Biological Basis of Behavior – Neuron

Cite this

A neuron refers to a specialized cell of the nervous system that transmits sensory information in form of chemical and electrical signals across the body (Sircar 34). It can perform its function because it can be electrically exciting. A typical vertebrate neuron comprises three main parts that include a cell body or soma, dendrites, and an axon (Sircar 36). The cell body has several dendrites arising from its surface and a single axon at the terminal end. Dendrites comprise thin cellular structures that coalesce to form a complex structure known as a dendritic tree (Sircar 37). An axon refers to a cellular extension that transmits signals from the cell body to the dendrites. In invertebrates, the length of an axon could be a meter or longer depending on the species of the organism. A vertebrate’s neuron possesses a single axon. However, the axon branches several times along its length. Information transmission takes place from an axon of one neuron to a dendrite of another neuron through the aid of chemicals known as neurotransmitters (Sircar 41).

Cut 15% OFF your first order
We’ll deliver a custom Psychology Ethics paper tailored to your requirements with a good discount
Use discount
322 specialists online

Synaptic transmission of an action potential occurs in four main steps. First, an action potential arrives at the surface of a synaptic knob and induces the release of a neurotransmitter that causes the movement of calcium ions into the synaptic knob (Saladin 73). The body produces and stores neurotransmitters in vesicles that are stimulated during signal transmission to release a specific neurotransmitter. Secondly, the neurotransmitter is released from the terminal into the synaptic cleft where it is recognized by receptors to transmit the signal successfully (Saladin 73). Receptors are specific. Specific receptors recognize specific neurotransmitters. A receptor can either amplify a signal or inhibit it depending on its nature. Thirdly, the neurotransmitter encounters the receptors of the postsynaptic cell. If it is recognized, it transmits the signal along the neuron. Fourthly, the neurotransmitter is inactivated to stop it from stimulating the postsynaptic cell after the signal has been transmitted. In addition, inactivation of the neurotransmitter enables receptor sites to receive another action potential by binding more neurotransmitter molecules (Saladin 74).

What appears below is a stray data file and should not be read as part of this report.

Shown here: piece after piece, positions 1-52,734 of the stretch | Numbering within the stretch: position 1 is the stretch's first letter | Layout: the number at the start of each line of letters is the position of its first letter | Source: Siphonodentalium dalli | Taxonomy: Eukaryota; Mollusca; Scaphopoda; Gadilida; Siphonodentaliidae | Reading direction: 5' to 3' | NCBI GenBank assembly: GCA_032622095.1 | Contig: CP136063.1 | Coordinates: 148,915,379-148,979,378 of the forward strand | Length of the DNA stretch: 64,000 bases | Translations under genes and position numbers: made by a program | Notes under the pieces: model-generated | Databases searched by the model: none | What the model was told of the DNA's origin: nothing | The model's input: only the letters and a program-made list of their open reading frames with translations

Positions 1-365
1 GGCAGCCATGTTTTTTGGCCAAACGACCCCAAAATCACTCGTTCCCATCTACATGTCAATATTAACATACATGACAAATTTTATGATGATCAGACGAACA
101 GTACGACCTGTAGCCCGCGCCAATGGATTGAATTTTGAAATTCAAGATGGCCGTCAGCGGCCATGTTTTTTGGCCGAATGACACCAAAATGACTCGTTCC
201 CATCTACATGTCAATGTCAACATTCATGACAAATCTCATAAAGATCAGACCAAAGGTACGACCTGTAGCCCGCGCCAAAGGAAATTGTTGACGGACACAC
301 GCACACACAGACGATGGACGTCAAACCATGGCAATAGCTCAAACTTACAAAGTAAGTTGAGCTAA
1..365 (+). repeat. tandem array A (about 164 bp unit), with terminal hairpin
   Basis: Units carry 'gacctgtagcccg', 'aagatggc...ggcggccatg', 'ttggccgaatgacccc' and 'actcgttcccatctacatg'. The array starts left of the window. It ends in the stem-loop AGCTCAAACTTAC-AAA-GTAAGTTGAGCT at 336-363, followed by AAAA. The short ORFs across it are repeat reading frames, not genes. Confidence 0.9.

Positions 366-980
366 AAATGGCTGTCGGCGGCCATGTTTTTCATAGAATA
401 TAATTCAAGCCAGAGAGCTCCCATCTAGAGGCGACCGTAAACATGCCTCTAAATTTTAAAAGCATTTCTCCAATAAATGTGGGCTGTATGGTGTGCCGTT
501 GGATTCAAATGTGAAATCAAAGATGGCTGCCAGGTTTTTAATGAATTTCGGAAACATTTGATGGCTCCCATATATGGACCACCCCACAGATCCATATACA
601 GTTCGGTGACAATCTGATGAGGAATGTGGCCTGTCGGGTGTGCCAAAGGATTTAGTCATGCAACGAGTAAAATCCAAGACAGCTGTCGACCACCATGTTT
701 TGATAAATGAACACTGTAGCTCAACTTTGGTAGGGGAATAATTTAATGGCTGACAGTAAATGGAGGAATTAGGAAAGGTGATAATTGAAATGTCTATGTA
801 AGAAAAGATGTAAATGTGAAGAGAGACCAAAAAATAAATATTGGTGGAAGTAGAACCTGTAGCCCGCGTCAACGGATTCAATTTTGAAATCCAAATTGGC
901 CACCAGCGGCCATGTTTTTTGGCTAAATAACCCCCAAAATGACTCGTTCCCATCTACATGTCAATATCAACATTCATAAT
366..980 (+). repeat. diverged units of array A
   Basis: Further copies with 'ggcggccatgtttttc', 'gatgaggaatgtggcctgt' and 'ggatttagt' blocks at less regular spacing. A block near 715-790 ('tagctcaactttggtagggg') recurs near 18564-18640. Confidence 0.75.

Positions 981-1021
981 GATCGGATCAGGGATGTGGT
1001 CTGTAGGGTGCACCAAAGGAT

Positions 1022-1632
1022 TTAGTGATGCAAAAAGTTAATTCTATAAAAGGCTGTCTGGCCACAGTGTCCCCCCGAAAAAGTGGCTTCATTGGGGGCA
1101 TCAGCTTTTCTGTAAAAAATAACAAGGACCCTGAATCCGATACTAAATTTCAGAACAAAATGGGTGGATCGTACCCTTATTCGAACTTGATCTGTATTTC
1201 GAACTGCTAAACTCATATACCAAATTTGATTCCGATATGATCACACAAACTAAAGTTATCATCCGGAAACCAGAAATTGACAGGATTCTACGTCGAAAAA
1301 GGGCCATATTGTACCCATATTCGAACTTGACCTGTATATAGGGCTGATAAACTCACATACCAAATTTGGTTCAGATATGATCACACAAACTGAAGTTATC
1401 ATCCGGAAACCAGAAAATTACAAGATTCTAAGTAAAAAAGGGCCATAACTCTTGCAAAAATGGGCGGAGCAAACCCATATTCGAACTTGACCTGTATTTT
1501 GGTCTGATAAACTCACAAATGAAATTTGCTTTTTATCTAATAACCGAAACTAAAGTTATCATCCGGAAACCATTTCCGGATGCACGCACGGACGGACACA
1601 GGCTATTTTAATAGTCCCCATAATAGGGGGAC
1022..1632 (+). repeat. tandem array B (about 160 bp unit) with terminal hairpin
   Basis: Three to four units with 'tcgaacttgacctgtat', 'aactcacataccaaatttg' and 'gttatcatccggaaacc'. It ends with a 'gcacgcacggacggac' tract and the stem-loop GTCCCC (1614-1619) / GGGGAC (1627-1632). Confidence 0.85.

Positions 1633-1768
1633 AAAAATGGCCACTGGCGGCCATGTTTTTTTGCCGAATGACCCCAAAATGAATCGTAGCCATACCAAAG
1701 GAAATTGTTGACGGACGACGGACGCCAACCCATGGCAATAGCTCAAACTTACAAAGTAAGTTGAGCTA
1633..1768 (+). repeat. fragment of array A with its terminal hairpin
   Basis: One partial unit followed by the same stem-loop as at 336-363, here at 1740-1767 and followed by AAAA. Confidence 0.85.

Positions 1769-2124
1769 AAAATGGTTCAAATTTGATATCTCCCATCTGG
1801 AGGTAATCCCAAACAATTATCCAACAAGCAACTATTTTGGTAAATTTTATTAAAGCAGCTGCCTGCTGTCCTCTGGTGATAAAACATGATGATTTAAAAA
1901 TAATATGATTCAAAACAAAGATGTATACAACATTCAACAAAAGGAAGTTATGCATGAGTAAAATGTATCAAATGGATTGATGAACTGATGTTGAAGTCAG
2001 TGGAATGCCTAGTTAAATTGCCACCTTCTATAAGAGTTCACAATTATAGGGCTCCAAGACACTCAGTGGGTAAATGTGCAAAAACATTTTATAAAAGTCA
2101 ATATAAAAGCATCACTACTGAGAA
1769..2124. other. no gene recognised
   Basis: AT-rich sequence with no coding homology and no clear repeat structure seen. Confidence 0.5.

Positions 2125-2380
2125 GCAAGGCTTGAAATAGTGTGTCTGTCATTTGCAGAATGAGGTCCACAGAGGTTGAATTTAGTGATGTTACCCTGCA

Glial cells refer to components of the nervous system that facilitate its proper functioning. Types of Glial cells include astrocytes, microglia, oligodendrocytes, and Schwann cells (Lopez 88). Each of these groups of cells performs a different function. Their functions include facilitating the repair of the nervous system and nourishing it. In addition, they foster the advancement of the nervous system and act as a metabolic center for neurons. Astrocytes constitute a part of the brain’s capillaries and their function is to determine which substances enter the brain and which substances are blocked from entering the brain by forming a blood-brain barrier (Lopez 88). Microglia cells are part of the central nervous system and their function is to get rid of cellular waste as well as protect the nervous system from attack by microorganisms (Lopez 89). Oligodendrocytes are components of the myelin sheath and their function is to insulate the central nervous system by covering the axons of neurons. Schwann cells are components of the peripheral nervous system and their function is to form a myelin sheath that insulates the nervous system (Lopez 91). Schwann cells and Oligodendrocytes also facilitate the conduction of signals through the neuron because myelinated nerves increase the speed of signal transmission.

Works Cited

Lopez, Brian. Glial Cell Function. New York: Gulf Professional Publishing, 2003. Print.

Saladin, Kenneth S. Nervous Tissue in Anatomy and Physiology: The Unity of Form and Function. New York: McGraw-Hill, 2001. Print.

Sircar, Sabyasachi. Principles of Medical Physiology. New York: Thiem Publishers, 2008. Print.

On-Time Delivery!
Get your customised and 100% plagiarism-free paper done in as little as 3 hours
Let’s start
322 specialists online

Cite this paper

Select style


PsychologyWriting. (2022, January 29). Biological Basis of Behavior - Neuron. Retrieved from


PsychologyWriting. (2022, January 29). Biological Basis of Behavior - Neuron.

Work Cited

"Biological Basis of Behavior - Neuron." PsychologyWriting, 29 Jan. 2022,


PsychologyWriting. (2022) 'Biological Basis of Behavior - Neuron'. 29 January.


PsychologyWriting. 2022. "Biological Basis of Behavior - Neuron." January 29, 2022.

1. PsychologyWriting. "Biological Basis of Behavior - Neuron." January 29, 2022.


PsychologyWriting. "Biological Basis of Behavior - Neuron." January 29, 2022.